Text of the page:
Verse 1 records the prayer request for God’s blessings; verse 2 records the intended result of these blessings: “that your way may be known on earth, your saving power among all nations.” The psalmist teaches us here how to pray personally and selflessly at the same time. He prayed for the blessings of God. But he was not just thinking about himself. And he was not just thinking about his family, tribe, or nation. He was thinking about people that he, most likely, would never personally meet. He was thinking about all the nations of the earth. The psalmist prayed personally and selflessly at the same time. And his example confronts us with the fact that we should not seek God’s blessings primarily for our own comfort, benefit, and prosperity. WARREN WIERSBE writes: “A blessing is a gift from God that glorifies his name, helps his people, and through them reaches out to help others who will glorify his name.” Mark it down: God blesses us that we might be a blessing to others. And God will soon stop sending blessings to you if he cannot send blessings through you.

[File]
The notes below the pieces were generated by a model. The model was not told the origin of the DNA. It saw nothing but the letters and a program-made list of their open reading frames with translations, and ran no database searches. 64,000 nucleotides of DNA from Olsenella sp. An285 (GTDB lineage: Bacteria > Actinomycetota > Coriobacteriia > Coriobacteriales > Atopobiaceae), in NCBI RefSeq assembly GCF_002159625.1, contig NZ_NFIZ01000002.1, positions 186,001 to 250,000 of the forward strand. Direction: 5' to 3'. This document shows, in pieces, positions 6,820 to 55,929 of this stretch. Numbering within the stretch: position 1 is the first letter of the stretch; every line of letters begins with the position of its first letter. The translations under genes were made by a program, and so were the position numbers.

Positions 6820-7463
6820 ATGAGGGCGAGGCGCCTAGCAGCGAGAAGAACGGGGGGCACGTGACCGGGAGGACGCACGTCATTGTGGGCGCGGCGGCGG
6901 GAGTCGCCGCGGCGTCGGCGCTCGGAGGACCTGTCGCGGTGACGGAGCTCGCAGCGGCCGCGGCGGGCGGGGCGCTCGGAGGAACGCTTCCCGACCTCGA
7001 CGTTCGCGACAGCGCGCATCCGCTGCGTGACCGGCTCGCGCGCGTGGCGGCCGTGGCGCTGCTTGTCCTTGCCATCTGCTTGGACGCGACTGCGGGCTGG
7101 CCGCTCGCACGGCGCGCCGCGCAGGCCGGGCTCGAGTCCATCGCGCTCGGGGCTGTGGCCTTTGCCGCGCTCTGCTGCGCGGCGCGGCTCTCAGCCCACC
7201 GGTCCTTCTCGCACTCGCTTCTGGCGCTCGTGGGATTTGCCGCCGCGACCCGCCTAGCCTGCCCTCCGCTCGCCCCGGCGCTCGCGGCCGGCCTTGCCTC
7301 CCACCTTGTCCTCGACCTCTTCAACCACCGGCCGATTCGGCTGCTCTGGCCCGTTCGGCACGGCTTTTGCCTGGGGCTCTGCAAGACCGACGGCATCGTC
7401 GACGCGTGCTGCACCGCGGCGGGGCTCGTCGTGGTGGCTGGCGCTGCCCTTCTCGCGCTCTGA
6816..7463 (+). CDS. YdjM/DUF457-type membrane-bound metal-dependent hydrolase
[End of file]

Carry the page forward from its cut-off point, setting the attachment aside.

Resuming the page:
So the psalmist prayed for personal blessings with selfless intentions: “that your way may be known on earth, your saving power among all nations.” The psalmist wanted to be blessed so that others might know God’s way. The implication here is that people will not – cannot know the way of God naturally, inevitably, or automatically. In the Garden of Eden, Adam and Eve at us out of house and home. And our own sin has shut us out of the way to God, the way to truth, the way of righteousness, the way of forgiveness, and the way to heaven. The good news is that there is a way back to God. And God wants to use you and me to show lost people the way home to God. God wants to use us to get the message out that the only way back to God is through the righteous life and atoning death of Jesus Christ. In John 14:5, Thomas said to Jesus, “Lord, we do not know where you are going. How can we know the way?” And in John 14:6, Jesus answered: “I am the way, and the truth, and the life. No one comes to the Father except through me.” We who live on this side of Christmas, Good Friday, and Easter know that God’s way and saving power are only known through the Lord Jesus Christ. So we should live, pray, and serve so that everyone may know who Jesus is.